Well, certainly the advice from the health authorities has been very aligned. As you know through the AHPPC we meet every day, including over the weekend, with the states and territories coming together with the Commonwealth to make sure that we are getting consistent messaging out to everybody. In Victoria of course, with the schools, the schools are opening today but only for the most senior students who will be attending schools – the other children of course will be getting their schooling at home.

KARL STEFANOVIC:

Professor, we had– there's been a lot of some terrible news from Victoria over the last few days, and the sheer numbers, the raw numbers of people who have been contracting the virus. I note with interest this morning, I saw a tweet from Jeff Kennett, the former premier, saying, you know, maybe it will go to 1,000, just you know, hypothetically. How bad are the numbers going to get? And what should we be prepared for if we live in Victoria in the coming weeks?

PROFESSOR MICHAEL KIDD:

Well certainly, we've now been in lockdown over the last 4 days and we know the incubation period for COVID-19 is usually between 5 to 7 days but can be up to 14 days. So, we're going to probably still see significant numbers of people being diagnosed each day [audio skip] upcoming week and then we hope that the measures which have been put in place, and the magnificent response by the people of Victoria, will result in those numbers coming back down again as we saw the first time around.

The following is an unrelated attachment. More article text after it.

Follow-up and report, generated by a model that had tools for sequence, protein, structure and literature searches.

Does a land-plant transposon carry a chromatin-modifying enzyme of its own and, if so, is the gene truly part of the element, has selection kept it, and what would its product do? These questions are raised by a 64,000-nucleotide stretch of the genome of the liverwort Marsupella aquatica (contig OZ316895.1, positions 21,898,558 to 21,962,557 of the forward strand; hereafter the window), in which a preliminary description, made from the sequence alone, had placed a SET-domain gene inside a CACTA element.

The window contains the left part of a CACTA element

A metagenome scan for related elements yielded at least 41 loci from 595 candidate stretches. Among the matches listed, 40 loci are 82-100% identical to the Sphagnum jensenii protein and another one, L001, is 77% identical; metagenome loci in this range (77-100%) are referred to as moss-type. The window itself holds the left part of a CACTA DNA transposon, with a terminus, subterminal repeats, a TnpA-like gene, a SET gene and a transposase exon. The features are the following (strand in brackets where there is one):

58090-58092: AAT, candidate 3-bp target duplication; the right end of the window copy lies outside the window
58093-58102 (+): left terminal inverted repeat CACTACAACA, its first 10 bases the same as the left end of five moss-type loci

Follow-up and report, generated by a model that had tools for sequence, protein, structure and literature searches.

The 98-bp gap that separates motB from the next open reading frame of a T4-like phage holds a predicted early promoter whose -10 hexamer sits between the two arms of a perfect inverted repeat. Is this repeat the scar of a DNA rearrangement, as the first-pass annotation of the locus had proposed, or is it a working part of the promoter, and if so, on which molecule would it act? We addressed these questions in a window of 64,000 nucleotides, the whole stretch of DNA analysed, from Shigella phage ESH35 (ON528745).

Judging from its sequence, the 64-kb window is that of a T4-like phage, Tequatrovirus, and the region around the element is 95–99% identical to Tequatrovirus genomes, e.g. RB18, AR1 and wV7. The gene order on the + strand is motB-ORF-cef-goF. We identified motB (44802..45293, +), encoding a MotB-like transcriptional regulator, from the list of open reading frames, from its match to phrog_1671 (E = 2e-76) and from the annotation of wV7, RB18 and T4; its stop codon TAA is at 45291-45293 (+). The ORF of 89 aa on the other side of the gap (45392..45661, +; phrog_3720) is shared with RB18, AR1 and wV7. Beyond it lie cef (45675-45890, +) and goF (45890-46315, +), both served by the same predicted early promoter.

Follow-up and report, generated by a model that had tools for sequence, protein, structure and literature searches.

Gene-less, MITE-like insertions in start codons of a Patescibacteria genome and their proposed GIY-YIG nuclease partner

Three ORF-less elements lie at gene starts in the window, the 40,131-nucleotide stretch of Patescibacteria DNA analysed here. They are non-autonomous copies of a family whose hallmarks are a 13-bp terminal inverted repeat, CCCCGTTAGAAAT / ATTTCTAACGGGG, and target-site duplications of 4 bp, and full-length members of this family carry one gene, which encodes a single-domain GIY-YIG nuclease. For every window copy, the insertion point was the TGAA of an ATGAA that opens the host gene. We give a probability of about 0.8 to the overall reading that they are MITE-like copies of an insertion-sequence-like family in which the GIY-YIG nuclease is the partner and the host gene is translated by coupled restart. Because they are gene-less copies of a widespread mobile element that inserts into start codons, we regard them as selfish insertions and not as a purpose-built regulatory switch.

ALLISON LANGDON:

This south-west Sydney cluster. How successful has contact tracing been so far?

PROFESSOR MICHAEL KIDD:

Well, contact tracing is very extensive with that cluster around the Crossroads Hotel. We are recommending that anyone who attended that venue between 3 and 10 July isolate at home for the next 14 days, arrange to get tested, and when you get tested advise that you were at the Crossroad Hotel. Clearly, the contact tracers in New South Wales are going all out to follow up with all the people who may have come in contact with the small number of people who've been diagnosed with COVID-19 from that venue.

KARL STEFANOVIC:

We've been told too that there are 2 soldiers, or personnel rather, who may have contracted the virus on the RAF base in Wagga Wagga. Have you heard that?

PROFESSOR MICHAEL KIDD:

I haven't heard that at this time.

KARL STEFANOVIC:

Okay we'll wait and see. We're hearing that they may be in– those personnel maybe in lockdown but we'll see what happens with that. Are you comfortable with where New South Wales is at the moment?

PROFESSOR MICHAEL KIDD:

Look, we're very concerned about what's happening with any outbreak that we see anywhere in the country. So, very important that we have a rigorous response and that's exactly what's happening in New South Wales. The health authorities have moved in very swiftly and with very large numbers of people involved in testing and contact tracing, around that outbreak around the hotel.

ALLISON LANGDON:

Right. Well, let's hope it doesn't end up as a situation like we're seeing in Victoria. Professor, thank you for joining us this morning.